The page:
Change in linkage structure impacts on what comes next in the conflict cycle and the current change in the linkage structure that has facilitated the near exclusivity of Russia in the secessionist entities is counter productive to settlement of these conflicts. As long as the exclusive linkages of the secessionist entities to Russia are entrenched the EU and other international actors will be forced to remains in the margins. Unless EU is able to offer the entities something better or at the very least offer anything equivalent to what Russia has to offer, the engagement efforts from EU regardless of the motivations will not have desired result. Hence, EU needs to changes its’ own and Georgia’s linkages with these entities as to create conditions that will facilitate settlement.
The EU’s non-recognition and engagement policy seems to be the best policy available to achieve this objective. With the help of Tbilisi, the EU needs to find an engagement model or action plan that incorporates the population and institutions of the secessionist entities to the benefits such as visa free travel to EU member states, deep and comprehensive free trade agreement bestowed upon Georgians under the EU Georgia Association Agreement, much like in Moldova’s secessionist region of Transnistria.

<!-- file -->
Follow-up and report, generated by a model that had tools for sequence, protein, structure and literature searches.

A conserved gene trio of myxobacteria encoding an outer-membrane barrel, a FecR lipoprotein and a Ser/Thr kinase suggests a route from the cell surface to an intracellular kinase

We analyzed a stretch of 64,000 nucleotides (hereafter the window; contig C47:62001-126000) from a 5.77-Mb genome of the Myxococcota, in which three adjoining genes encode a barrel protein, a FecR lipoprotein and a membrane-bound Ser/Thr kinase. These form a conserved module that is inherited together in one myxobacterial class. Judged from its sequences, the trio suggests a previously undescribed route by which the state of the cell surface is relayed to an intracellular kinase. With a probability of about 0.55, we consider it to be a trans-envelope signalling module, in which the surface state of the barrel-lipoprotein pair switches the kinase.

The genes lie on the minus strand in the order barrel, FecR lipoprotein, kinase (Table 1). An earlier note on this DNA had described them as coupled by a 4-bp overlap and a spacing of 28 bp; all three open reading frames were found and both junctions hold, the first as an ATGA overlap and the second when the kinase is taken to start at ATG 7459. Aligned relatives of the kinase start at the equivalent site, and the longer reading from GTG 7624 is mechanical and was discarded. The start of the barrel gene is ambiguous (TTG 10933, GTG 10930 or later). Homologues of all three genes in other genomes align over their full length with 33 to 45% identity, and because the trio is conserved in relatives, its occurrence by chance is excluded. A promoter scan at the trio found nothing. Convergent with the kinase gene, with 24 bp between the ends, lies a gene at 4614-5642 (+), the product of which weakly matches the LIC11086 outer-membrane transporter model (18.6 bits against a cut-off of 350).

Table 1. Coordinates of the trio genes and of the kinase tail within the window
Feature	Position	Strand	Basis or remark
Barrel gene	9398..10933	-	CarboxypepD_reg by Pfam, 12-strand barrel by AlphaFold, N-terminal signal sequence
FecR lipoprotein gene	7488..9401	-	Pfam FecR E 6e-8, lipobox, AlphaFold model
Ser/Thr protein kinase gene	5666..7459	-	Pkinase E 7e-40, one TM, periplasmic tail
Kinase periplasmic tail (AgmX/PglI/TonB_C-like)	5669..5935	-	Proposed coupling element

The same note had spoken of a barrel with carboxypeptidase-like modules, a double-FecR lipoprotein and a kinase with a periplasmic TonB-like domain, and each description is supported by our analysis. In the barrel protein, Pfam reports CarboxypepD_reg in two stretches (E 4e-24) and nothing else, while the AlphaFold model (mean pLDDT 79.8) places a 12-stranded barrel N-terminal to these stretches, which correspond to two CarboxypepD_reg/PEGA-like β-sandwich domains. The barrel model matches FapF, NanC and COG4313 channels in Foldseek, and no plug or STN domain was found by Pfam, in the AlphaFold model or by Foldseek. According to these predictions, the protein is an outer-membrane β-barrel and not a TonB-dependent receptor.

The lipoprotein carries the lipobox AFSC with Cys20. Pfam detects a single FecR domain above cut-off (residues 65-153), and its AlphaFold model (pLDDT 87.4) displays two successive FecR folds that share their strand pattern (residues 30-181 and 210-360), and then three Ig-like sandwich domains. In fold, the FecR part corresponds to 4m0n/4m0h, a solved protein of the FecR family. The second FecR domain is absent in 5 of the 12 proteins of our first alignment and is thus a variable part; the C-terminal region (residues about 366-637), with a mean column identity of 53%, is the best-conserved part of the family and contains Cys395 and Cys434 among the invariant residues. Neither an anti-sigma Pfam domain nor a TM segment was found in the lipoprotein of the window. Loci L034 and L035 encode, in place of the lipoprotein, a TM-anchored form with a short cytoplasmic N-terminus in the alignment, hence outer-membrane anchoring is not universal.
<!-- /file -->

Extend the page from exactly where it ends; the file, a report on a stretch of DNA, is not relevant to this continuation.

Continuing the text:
Education is one sector that EU can look to improve in its engagement. Much like in Transnistria, connecting Abkhazian educational institutions with European ones for exchange of students and staffs would provide much needed social contacts with the outside world. Furthermore, greater role for NGOs in conducting project on the ground in the secessionist entities is the best way for the EU to pursue a policy of non-recognition and engagement, but plans must be devised for promotion of EU as the source of funds and that the EU concerns for protecting and promoting norms and values such as democracy, human rights and rule of law are also applicable even in secessionist and unrecognized territories.
 S. Fischer, The EU’s Non- Recognition and Engagement Policy towards Abkhazia and South Ossetia [Seminar Report], Seminar Co-Hosted by the EUSR for the South Caucasus and the EU Institute for Security Studies, Brussels, 1-2 December 2010, p. 3.
 Ibid., p.3.
 Based on the six-point peace plan that included US, UN, OSCE and the EU as international participants. The negotiation platform was created with cooperation of OSCE and in design was the ideal makeup since it included also Abkhazia and South Ossetia.
 S. Fischer, op. cit., p. 4; see also: I. Kirova, Public Diplomacy and Conflict Resolution: Russia, Georgia and the EU in Abkhazia and South Ossetia, Los Angeles: Figueroa Press, 2012, pp 46-54.